10.31.2013 0

None dare call it tyranny


By Rick Manning


It is an ugly word bringing to mind mobsters threatening to burn down a shop owners store if he doesn’t buy fire insurance, or a loan shark enforcers breaking legs to send a message to someone who bet the wrong horse.

It is even uglier when it is used in conjunction with the Presidency in a nation that has historically prided itself as being above the raw use of power to achieve one’s political ends.

CNN, one of the most vocal supporters of President Obama and his policies reported on October 30, that health insurers which are now heavily regulated under Obamacare “feared retribution” if they expressed their displeasure with the rollout of Obamacare.  Fearing retribution and not taking an action due to that fear is almost a classic definition of successful intimidation.

CNN News Anchor Carol Costello reported that she felt intimidated when reporting on the presidential race saying, “I mean President Obama’s people can be quite nasty. They don’t like you to say anything bad about their boss, and they’re not afraid to use whatever means they have at hand to stop you from doing that, including threatening your job [emphasis added].”

Now, Costello never claimed to have changed any story she produced as a result of this atmosphere of intimidation, but it is hard to imagine many reporters not choosing to present the campaign party line rather than give a more balanced perspective when their very jobs may have been at risk.

Earlier in October, an award winning freelance journalist who had written exposes about malfeasance at the Department of Homeland Security’s Transportation Safety Administration found her home raided by a combination of Maryland State Troopers and DHS agents over allegations that she had purchased a potato launcher over the Internet five years prior.  Apparently, the anti-potato launcher section of Homeland Security decided that a nice 4:30 am raid of the reporter’s home was needed five years after the purchase which was apparently illegal in Maryland, but legal under federal law.

While Marylanders were made safe from random potato attacks, DHS officials made off with all of the reporters notes on the TSA case, including the names of the whistleblowers who unveiled the illegal activity.

The Washington Times Editor John Solomon promised legal action against DHS stating, “While we  appreciate law enforcement’s right to investigate legitimate concerns, there is no reason for agents to use an unrelated gun case to seize the First Amendment protected materials of a reporter.”

Solomon continued by arguing, “This violates the very premise of a free press, and it raises additional concerns when one of the seizing agencies was a frequent target of the reporter’s work.”

In the months prior, the Obama Administration’s Justice Department admitted that they had tapped the phones of Associated Press reporters for months in an attempt to find reporter’s sources.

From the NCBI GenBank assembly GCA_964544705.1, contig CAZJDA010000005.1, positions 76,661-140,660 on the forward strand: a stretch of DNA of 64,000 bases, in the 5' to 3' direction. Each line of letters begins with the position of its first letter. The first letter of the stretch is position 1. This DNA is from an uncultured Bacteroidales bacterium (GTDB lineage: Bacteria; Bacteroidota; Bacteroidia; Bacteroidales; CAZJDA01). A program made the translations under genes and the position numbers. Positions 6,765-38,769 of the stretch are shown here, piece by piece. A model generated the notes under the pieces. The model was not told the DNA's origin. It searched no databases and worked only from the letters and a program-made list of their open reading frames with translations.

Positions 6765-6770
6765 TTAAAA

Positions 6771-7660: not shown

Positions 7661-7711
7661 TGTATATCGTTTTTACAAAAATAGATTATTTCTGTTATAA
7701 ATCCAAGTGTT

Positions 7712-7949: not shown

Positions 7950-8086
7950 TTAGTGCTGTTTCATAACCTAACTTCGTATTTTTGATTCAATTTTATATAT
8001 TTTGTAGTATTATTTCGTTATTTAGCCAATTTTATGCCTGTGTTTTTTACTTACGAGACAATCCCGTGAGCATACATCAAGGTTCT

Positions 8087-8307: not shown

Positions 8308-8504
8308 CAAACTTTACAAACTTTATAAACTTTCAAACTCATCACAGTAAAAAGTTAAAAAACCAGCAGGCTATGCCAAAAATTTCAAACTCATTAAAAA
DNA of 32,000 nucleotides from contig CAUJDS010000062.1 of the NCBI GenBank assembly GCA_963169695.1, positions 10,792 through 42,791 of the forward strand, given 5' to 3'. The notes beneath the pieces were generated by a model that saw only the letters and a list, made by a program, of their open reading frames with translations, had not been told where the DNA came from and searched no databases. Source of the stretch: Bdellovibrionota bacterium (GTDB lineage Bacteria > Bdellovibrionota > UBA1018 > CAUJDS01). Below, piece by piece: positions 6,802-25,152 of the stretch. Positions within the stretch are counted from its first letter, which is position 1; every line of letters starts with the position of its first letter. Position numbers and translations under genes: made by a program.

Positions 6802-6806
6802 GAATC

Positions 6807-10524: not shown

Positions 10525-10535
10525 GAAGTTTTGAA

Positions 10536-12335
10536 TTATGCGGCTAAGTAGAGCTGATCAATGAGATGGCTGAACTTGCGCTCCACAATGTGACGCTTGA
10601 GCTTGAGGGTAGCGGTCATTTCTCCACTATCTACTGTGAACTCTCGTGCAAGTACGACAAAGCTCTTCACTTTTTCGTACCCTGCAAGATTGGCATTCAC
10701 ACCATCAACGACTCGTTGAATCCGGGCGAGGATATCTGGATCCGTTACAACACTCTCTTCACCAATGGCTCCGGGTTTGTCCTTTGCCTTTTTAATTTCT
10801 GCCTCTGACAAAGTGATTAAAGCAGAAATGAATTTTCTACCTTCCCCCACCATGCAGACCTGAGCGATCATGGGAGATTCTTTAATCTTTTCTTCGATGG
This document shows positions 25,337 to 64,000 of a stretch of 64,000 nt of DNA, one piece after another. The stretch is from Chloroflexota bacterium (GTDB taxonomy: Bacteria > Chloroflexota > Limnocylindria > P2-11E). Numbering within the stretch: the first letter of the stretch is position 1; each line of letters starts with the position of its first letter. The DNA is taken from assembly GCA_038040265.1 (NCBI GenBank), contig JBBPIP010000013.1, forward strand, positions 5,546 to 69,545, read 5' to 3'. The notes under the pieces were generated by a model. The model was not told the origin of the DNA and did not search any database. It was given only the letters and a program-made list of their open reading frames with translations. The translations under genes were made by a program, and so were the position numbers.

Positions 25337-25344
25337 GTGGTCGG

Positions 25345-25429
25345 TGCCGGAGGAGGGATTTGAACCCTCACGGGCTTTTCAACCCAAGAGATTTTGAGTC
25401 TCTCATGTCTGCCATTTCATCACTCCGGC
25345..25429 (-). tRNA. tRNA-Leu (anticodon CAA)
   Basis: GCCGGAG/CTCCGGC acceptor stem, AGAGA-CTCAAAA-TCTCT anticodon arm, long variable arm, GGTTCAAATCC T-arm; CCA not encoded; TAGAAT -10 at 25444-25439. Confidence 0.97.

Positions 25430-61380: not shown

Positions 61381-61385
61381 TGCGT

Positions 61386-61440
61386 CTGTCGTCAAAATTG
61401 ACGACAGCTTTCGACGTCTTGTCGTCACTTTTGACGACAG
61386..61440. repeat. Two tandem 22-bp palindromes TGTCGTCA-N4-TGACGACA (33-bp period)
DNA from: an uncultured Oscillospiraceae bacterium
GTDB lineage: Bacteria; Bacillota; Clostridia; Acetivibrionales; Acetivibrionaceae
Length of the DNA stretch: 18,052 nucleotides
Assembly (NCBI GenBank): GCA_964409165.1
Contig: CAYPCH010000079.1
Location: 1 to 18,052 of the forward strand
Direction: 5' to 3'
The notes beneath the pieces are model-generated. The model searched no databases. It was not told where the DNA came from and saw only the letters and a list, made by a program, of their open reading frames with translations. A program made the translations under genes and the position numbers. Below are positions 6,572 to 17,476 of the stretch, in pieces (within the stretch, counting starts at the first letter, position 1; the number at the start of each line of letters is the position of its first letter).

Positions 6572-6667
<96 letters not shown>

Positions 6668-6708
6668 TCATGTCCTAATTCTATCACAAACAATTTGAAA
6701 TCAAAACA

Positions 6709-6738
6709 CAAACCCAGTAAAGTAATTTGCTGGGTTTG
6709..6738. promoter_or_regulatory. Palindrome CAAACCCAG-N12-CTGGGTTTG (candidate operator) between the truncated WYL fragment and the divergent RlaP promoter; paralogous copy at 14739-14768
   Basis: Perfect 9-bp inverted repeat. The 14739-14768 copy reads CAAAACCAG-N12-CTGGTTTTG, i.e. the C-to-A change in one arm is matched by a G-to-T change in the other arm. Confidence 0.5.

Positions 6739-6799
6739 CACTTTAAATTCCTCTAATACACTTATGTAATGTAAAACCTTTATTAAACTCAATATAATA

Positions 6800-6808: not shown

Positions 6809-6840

The Obama Administration even has gone so far as to contend that Fox News Washington’s James Rosen aided and abetted a breach of national security for doing his job and reporting information provided to him by a government official.  Unlike some cases in the past where reporters were put in jail for contempt of court for refusing to name a source, Rosen has come under legal jeopardy for simply reporting a story.

The New Yorker’s Ryan Lizza succinctly summed up the abuse of government power tweeting, “If James Rosen’s ‘clandestine communications plan’ were illegal, every journalist in Washington would be locked up. Unreal.”

With this history can anyone still be surprised at Obama’s use of the IRS and other agencies of the federal government to intimidate political foes?

Can anyone remain naïve enough to believe that actions taken against True the Vote’s Catherine Engelbrecht by the IRS, OSHA and ATF was anything but a coordinated federal government wide effort to shut her up.  The inter-agency assault on Engelbrecht could only have been directed from the one place that breaks down the barriers between federal government agencies — the White House.

Intimidation is a standard tactic in NASCAR, the NFL, Major League Baseball, and most sporting events.  It is even attempted when elected officials try to stare down each other and interest groups with threats, voiced or veiled, of future ramifications for political actions.

But the brazen intimidation of the media and political opponents by this Administration goes far beyond the always implied threat that if I don’t like the story you write, I won’t give you the next one, to direct threats against one’s livelihood and indeed, freedom.

In America there is no place for raiding reporter’s homes, bugging their phones and threatening to indict them in order to obtain their sources.  The sanctity of a reporter’s source is well established in our nation’s courts, yet in Obama’s America, whistleblowers are nothing more than ducks in a shooting gallery.  This doesn’t just chill the ability of reporters to get information from the inside of government, but puts it in a deep freeze, because no whistleblower can ever again expect his or her anonymity to be protected, and without that protection, information dries up.

In Obama’s America, the Internal Revenue Service becomes what everyone has always feared, an Agency that selectively enforces the law based upon the politics of those in power.

None dare call it tyranny, but when freedom of the press comes under wholesale attack, and a government uses its vast resources to assault and intimidate its political enemies, what you call it really just comes down to semantics.

Rick Manning (@rmanning957) is vice president of public policy and communications for Americans for Limited Government.

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